Blogging Basics for Aspiring Authors: Lesson 24
As I get ready to wrap up the “Blogging Basics for Aspiring Authors” series, which began in January, I’d like to offer you five more underutilized ways to improve your blog or your blogged book. If you spend some time with each of these tips, you also will improve your blogging skills.
- Read other blogs and comment on them. Don’t blog your book or blog with blinders on, or you won’t know what your competition is doing—or even if you have any. While I recommend analyzing your competition before you blog a word, and not getting to involved with keeping up with the blogosphere Joneses, you do need to have some idea what other bloggers in your niche are writing about. As you read them, consider what they are doing well and try to mimic this. You can improve your blogging and your blog by copying others who are more successful. Plus, by staying up on their activities and reading their blogs, you will find ample opportunities to comment on them. Your comments allow you to show your expertise and to express your voice in another blogger’s community. If that blogger’s readers like what you have to say, they may choose to click through and check out your blog—and stick around as subscribers. Also, don’t think of all these “other” bloggers as competition. You might find that they make good promotional partners. Team up with them. (See #2 below.)
- Schedule expert guests to blog for your site and guest blog posts of yours to appear on other sites. One of the best strategies you can employ to gain readers involves guest blog posts. Asking other expert bloggers to blog for your site will bring their readership to you. It also will increase your expert status by virtue of association with people who are well known in your subject area. You may find it possible to blog on these experts’ sites after hosting them. If not, find other successful blogs where you can guest blog, such as the ones you read regularly (see #1 above). By creating relationships with other bloggers who write about the same or similar topics, you can help promote each other. No matter where you guest blog, it’s common practice to include a guest blogger’s bio with at least one or two links; that means you can link back to your blog. Again, this introduces you to another blogger’s audience, and they may follow you “home.” Blogging for other sites also pushes you to write in other styles, to other post lengths and to do something other than blog your book, if that is the only thing you are doing on your blog.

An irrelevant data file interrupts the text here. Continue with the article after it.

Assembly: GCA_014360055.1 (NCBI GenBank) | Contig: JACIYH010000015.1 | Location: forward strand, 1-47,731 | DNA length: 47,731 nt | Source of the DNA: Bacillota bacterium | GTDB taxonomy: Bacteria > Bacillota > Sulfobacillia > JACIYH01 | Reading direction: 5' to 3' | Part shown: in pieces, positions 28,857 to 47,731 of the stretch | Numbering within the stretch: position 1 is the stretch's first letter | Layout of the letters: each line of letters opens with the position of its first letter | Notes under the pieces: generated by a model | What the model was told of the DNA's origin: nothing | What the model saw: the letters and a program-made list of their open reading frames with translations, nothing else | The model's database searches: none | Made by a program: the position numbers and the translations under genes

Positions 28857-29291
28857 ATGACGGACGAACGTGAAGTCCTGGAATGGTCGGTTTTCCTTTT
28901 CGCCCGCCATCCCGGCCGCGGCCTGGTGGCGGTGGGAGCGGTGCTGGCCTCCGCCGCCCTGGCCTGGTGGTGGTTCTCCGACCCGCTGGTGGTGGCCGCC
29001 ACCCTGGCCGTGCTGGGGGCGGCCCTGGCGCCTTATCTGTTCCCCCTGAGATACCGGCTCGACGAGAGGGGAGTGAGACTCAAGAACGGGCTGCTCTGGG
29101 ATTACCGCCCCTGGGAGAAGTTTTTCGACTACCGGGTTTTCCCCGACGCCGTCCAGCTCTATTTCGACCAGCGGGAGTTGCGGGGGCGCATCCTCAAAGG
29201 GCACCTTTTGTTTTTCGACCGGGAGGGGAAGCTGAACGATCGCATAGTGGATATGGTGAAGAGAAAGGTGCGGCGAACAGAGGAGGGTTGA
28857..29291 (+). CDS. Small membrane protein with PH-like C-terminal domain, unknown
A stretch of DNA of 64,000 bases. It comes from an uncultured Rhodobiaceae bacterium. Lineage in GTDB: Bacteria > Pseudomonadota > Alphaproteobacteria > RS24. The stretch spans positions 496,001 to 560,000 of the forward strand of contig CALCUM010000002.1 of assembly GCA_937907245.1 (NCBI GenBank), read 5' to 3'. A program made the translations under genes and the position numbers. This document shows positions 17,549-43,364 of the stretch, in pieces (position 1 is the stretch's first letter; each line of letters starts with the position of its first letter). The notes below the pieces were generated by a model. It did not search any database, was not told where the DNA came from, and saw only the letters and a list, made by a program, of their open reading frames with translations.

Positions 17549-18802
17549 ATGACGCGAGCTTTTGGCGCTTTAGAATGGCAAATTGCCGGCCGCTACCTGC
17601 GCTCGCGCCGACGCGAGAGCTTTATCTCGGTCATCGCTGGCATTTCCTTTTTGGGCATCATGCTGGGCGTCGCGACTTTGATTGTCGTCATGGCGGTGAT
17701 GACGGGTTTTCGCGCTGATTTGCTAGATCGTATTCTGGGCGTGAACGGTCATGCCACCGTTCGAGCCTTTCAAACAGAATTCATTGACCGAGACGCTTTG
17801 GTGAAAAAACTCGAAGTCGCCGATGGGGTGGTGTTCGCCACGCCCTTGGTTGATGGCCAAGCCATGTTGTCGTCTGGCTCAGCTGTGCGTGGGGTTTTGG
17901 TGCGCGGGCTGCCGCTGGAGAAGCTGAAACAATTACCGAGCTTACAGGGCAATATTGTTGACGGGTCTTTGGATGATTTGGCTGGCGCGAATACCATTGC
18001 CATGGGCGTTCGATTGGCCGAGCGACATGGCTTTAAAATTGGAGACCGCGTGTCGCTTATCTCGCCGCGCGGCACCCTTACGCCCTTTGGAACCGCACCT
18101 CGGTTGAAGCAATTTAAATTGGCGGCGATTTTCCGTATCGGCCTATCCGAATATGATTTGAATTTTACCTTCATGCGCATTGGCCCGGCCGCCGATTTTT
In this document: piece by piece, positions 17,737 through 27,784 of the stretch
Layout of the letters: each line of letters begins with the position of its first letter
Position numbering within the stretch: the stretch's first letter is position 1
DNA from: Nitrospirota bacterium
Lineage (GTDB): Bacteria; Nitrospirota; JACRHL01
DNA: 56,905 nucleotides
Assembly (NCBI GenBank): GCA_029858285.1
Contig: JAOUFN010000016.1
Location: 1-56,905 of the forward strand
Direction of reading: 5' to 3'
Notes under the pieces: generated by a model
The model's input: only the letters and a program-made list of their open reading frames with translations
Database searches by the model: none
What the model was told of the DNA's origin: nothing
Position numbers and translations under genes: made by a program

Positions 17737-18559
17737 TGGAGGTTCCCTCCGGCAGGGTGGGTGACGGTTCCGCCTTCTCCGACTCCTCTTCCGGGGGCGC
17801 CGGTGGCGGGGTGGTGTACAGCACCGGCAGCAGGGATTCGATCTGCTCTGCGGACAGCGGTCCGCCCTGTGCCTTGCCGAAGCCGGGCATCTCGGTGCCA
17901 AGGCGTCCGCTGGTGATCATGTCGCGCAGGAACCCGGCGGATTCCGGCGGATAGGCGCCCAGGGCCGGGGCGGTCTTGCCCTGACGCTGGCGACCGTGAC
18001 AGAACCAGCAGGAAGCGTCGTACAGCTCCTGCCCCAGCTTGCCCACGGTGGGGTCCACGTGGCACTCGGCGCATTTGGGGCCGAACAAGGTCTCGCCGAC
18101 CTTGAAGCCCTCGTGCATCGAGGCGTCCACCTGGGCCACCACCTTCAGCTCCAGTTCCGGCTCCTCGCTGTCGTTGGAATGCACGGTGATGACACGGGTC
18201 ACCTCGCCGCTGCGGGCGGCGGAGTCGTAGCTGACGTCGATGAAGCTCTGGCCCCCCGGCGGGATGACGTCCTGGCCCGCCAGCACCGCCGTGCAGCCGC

- Conduct a regular review of your blog analytics. Most newbie bloggers only care how many readers they have, although they may look at hits or visitors rather than at unique visitors, which are real readers. Take time once a month or once every quarter to look at your Google Analytics (or hosting company) analytics. (Read this post for more information on using your blog analytics.) Drill deeper than you have in the past. Instead of just looking at popular posts, see which posts were least popular and stop writing on those topics. Don’t just look at the exit page but also at the entry page; how can you get more people there? Can you tell if there is a good day or time to publish your posts? You can learn a ton from your analytics if you spend some time exploring them, but you have to do it regularly and on more than a surface level.
- Frequently poll or survey readers. Find out what your readers like and don’t like or what they want. You can easily implement a survey with surveymonkey.com or with a simple plugin like WP-Polls. (You can even ask for feedback on your writing, post length or the book itself, if you are blogging a book.) Then implement their suggestions or write content that addresses their interests.
- Use series, themes and regular features on your blog. Even if you are blogging your book, it’s possible to create a plan so you can add in a special series, themes or regular features. These tend to bring readers back to your blog and increase page views and decrease your bounce rate, just like blogging a book. Your chapters may lend themselves to becoming a theme or series. And you could have a special feature in your book, like a meditation or tip or infographic, which shows up once a week as a blog post. For general blogging, these tools work really well if you plan ahead. You can even produce products you can later sell from series, like a short ebook!
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Photo courtesy of iqoncept / 123RF Stock Photo
Tim Chastain says
Very helpful points. Thanks! I read your ‘How to Blog a Book’ before setting up my blog in December, and it made a huge difference from what my experience would have been otherwise. I appreciate it very much.
Nina Amir says
Thanks for your comment. I’m curious…doesn’t sound like you are blogging a book, so how did the book affect how you set up your blog and your blogging experience?
Olivia Ashe says
I found your book full of ideas and things I hadn’t thought of from being a blog noob. I’m hoping I can publish my blog into a book when I have have at least 100 posts. It’s something I’m passionate about so I’m sure my ideas for the subject are endless.
Nina Amir says
That’s great, Olivia. I hope you are actually planning out your posts so you have a book manuscript written. Best of luck!